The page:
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Education news and issues in the Ozarks.

Preservation Program Awards Grant to “Trucking on Route 66” Project

flickr/Simon Hayhurst

The Missouri State University Libraries, in partnership with local history blog Ozarks Alive, has received a grant through the National Park Service to document historic trucking along Route 66.

The $5,100 grant from the Route 66 Corridor Preservation Program will focus on the history of trucking along the Missouri section of the Mother Road from 1926 to 1985 through oral history interviews.

Audio and video recordings will be made available to the general public online and will complement other oral history collections held by MSU, other Research Route 66 member libraries, and the Route 66 Association of Missouri.

Tom Peters, Dean of Library Services at Missouri State, says the two organizations have 14 months to complete the project.

“The period of performance is actually running now- from August first through the end of September of 2018…to conduct at least twenty oral history interviews with people that know about the development of the trucking industry along Route 66 in Missouri,” says Peters.

Kaitlyn McConnell is the founder of Ozarks Alive and Media Relations Coordinator for Cox Health. She spoke of the importance of remembering the different roles Route 66 played before it was replaced by the Interstate Highway System.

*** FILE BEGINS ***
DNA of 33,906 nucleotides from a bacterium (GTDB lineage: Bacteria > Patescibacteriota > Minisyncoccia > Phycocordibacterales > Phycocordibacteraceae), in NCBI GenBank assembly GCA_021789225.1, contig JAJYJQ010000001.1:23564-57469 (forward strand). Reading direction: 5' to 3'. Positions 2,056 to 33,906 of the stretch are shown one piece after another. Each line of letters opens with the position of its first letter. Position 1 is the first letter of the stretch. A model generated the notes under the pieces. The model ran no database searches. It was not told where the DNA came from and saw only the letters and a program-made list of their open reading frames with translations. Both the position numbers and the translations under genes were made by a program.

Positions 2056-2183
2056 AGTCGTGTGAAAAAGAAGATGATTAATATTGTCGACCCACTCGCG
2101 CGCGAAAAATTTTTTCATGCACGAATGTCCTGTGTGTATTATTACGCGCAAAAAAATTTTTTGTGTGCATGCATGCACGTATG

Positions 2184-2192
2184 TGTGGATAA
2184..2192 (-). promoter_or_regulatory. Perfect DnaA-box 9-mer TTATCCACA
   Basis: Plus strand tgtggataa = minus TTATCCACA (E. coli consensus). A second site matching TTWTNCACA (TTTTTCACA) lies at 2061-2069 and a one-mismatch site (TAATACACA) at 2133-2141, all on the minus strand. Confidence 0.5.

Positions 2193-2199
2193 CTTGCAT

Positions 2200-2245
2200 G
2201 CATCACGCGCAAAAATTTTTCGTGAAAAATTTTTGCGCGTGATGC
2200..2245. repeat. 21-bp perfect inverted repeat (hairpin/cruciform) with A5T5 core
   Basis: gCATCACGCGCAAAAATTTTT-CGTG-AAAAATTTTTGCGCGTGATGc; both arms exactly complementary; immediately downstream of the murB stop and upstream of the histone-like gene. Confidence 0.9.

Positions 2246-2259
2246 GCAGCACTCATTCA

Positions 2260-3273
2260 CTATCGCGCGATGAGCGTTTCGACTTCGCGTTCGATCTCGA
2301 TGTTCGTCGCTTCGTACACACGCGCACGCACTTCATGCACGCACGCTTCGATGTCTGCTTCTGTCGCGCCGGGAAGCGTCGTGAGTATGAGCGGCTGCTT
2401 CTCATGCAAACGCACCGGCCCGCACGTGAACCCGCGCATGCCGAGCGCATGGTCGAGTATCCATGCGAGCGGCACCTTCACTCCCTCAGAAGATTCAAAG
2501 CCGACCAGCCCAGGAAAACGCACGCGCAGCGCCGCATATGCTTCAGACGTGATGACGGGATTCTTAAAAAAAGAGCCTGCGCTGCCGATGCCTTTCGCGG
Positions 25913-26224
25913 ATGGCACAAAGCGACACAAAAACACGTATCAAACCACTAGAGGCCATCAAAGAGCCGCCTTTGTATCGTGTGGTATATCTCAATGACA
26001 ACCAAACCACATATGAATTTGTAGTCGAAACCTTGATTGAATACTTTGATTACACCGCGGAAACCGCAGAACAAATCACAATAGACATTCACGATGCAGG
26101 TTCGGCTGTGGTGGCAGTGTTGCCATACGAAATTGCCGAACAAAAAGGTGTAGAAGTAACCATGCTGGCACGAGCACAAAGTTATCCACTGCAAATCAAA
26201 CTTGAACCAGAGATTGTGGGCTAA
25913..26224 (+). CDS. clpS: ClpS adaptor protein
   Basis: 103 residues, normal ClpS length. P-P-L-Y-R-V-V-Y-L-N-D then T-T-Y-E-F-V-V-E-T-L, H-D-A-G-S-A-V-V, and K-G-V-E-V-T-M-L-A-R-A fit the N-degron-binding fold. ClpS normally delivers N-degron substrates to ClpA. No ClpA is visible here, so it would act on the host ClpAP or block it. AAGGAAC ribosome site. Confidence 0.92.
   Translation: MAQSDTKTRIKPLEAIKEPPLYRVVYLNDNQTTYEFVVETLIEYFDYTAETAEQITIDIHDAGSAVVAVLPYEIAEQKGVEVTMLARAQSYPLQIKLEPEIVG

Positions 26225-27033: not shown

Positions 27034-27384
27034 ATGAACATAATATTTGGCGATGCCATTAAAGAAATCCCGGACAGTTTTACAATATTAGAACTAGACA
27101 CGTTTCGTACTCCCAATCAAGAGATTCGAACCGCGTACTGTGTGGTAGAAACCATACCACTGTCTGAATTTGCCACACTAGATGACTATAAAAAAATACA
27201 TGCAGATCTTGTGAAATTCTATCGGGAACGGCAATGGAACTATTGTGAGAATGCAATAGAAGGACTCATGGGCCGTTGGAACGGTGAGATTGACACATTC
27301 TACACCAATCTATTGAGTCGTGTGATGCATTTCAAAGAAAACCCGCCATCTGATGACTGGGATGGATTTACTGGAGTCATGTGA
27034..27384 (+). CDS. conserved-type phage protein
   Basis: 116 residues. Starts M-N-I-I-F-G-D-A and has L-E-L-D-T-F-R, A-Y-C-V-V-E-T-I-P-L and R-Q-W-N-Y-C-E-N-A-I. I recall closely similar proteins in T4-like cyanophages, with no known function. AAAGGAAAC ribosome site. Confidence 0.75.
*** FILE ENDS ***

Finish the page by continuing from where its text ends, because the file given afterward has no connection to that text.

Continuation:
In the 1930's  the historic road supported the migrants traveling westward. Later on, it became the "Main Street of America"  as people headed to the west coast for vacations. Truckers, meanwhile, used the road to go from point A to point B, and this helped bolster the economy, says McConnell.

“We want to make sure that this piece of our history is captured. You don’t think about the parts of Route 66 as much that aren’t the glamorous side but I think that’s why it’s especially both intriguing and crucial for us, we feel, to do this because this is a different side of the route.”

It's clear preserving the history of Route 66 is a passion for both Peters and McConnell.

Peters says the trucking project adds to the other unique accounts gathered about historic Route 66, citing the African American Experience project. He believes the challenge of oral history is capturing “those memories before people pass away”.

The “Trucking on Route 66” project is one way the Springfield community is working to preserve history. Trucking stories or memorabilia from Missouri’s Route 66 Corridor can be shared with Tom Peters at or Kaitlyn McConnell at